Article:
Mature Driver Safety Part 2: When & How to Take the Keys

Since every person ages differently, there are no hard and fast rules about when a person should set limitations on their driving or give up driving altogether.  In our previous blog post on mature driver safety, we emphasized the self-assessment as the best tool to gage driving ability.

Sometimes unsafe signs come up gradually, or a recent change in health may make problems worse. As we age, it’s normal to have problems with eyesight, hearing, reflexes, range of motion and memory.  A person may have an increase in incidents on the road, such as sudden lane changes, drifting into other lanes, braking or accelerating suddenly for no reason, failing to use turn signals properly, and frequent fender benders or close calls.

Some older drivers may be aware of their faltering ability but still be reluctant to give up driving completely.  Another person’s concerns may force the senior driver to act. They may even feel relieved to have someone else help make the decision to stop driving. Some seniors may forget that they aren’t supposed to drive. If that is the case, it is even more important to remove the car or the keys to make it impossible to drive.

If you find yourself in the position of talking to an older adult about their driving, remember that a driver’s license signifies more than the ability to drive a car; it is a symbol of freedom and self-sufficiency.  Driving is not a privilege that anyone wants to relinquish willingly.

Helpful tips when taking the keys

  • Be respectful. For many seniors, driving is an integral part of independence. Many older adults have fond memories of getting a driver’s license. At the same time, don’t be intimidated or back down if you have a true concern.
  • Give specific examples. It’s easier to tune out generalizations like “You just can’t drive safely anymore.” Outline concerns that you have noticed, such as “You have a harder time turning your head than you used to,” or “You braked suddenly at stop signs three times the last time we drove.”
  • Find strength in numbers. If more than one family member or close friend has noticed, it’s less likely to be taken as nagging. A loved one may also listen to a more impartial party, such as a doctor or driving specialist.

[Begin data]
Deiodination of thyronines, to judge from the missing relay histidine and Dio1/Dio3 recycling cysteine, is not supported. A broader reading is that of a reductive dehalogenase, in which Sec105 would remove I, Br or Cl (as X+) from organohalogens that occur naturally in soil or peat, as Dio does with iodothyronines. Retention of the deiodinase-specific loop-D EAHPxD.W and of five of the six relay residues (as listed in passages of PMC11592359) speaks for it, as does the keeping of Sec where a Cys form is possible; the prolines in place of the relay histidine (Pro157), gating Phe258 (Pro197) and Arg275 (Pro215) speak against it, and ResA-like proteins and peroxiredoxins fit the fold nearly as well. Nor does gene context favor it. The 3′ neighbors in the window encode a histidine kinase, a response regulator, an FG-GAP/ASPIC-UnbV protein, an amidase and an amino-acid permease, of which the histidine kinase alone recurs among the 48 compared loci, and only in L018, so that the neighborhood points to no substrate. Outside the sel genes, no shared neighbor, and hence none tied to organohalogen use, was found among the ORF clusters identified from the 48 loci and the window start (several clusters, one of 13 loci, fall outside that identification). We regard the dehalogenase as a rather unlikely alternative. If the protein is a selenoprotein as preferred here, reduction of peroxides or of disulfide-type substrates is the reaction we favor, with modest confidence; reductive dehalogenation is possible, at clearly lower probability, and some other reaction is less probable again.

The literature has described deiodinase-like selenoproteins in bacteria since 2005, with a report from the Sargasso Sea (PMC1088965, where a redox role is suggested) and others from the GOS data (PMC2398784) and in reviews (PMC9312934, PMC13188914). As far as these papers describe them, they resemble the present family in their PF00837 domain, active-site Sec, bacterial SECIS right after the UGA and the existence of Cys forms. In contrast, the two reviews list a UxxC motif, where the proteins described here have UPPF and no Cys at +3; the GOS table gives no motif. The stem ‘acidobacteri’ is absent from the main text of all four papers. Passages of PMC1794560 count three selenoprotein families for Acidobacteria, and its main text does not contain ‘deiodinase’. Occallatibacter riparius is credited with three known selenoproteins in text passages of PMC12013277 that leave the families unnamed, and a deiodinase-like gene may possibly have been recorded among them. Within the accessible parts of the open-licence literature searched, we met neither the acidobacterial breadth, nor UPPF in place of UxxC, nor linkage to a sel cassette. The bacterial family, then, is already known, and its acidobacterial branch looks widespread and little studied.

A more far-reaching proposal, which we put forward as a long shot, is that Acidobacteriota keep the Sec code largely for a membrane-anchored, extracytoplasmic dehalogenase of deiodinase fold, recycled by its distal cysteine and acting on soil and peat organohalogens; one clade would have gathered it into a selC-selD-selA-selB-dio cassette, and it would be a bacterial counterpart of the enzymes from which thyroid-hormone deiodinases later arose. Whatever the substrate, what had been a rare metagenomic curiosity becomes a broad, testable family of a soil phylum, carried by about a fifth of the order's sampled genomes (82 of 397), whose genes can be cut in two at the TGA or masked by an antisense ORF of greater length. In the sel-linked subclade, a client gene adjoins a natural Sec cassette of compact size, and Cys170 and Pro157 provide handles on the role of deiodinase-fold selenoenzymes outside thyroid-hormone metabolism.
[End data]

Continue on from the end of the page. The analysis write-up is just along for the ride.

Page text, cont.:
• Help find alternatives. The person may be so used to driving that they have never considered alternatives. You can offer concrete help, such as researching transportation options or offering rides when possible. If your family member is reluctant to ask for help, it can lead to isolation and depression.
  • Understand the difficulty of the transition. Your loved one may experience a profound sense of loss having given up driving. Don’t dismiss their feelings but try to help with the transition as much as possible. If it is safe, try slowly transitioning the senior out of driving to give them time to adjust. For example, your loved one may begin the transition by no longer driving at night or on highways, or by using a shuttle service to specific appointments or destinations.

When an older driver refuses to give up the keys

Sometimes an older driver has to be stopped from driving over their objections. It might feel very difficult for you to make this call, especially if the senior is a parent used to having their independence. However, their safety and the safety of others must come first. An unsafe driver can seriously injure or kill themselves or others.

If appropriate evaluations and recommendations have been made, and no amount of rational discussion has convinced the driver to hand over the car keys, then you may make an anonymous report to your state’s Department of Motor Vehicles (in the U.S. or Canada) or talk to the person’s physician about your concerns. In some cases, there is a need to take further actions such as taking away the car keys, selling or disabling the car, and enlisting the local police to explain the importance of safe driving and the legal implications of unsafe driving.

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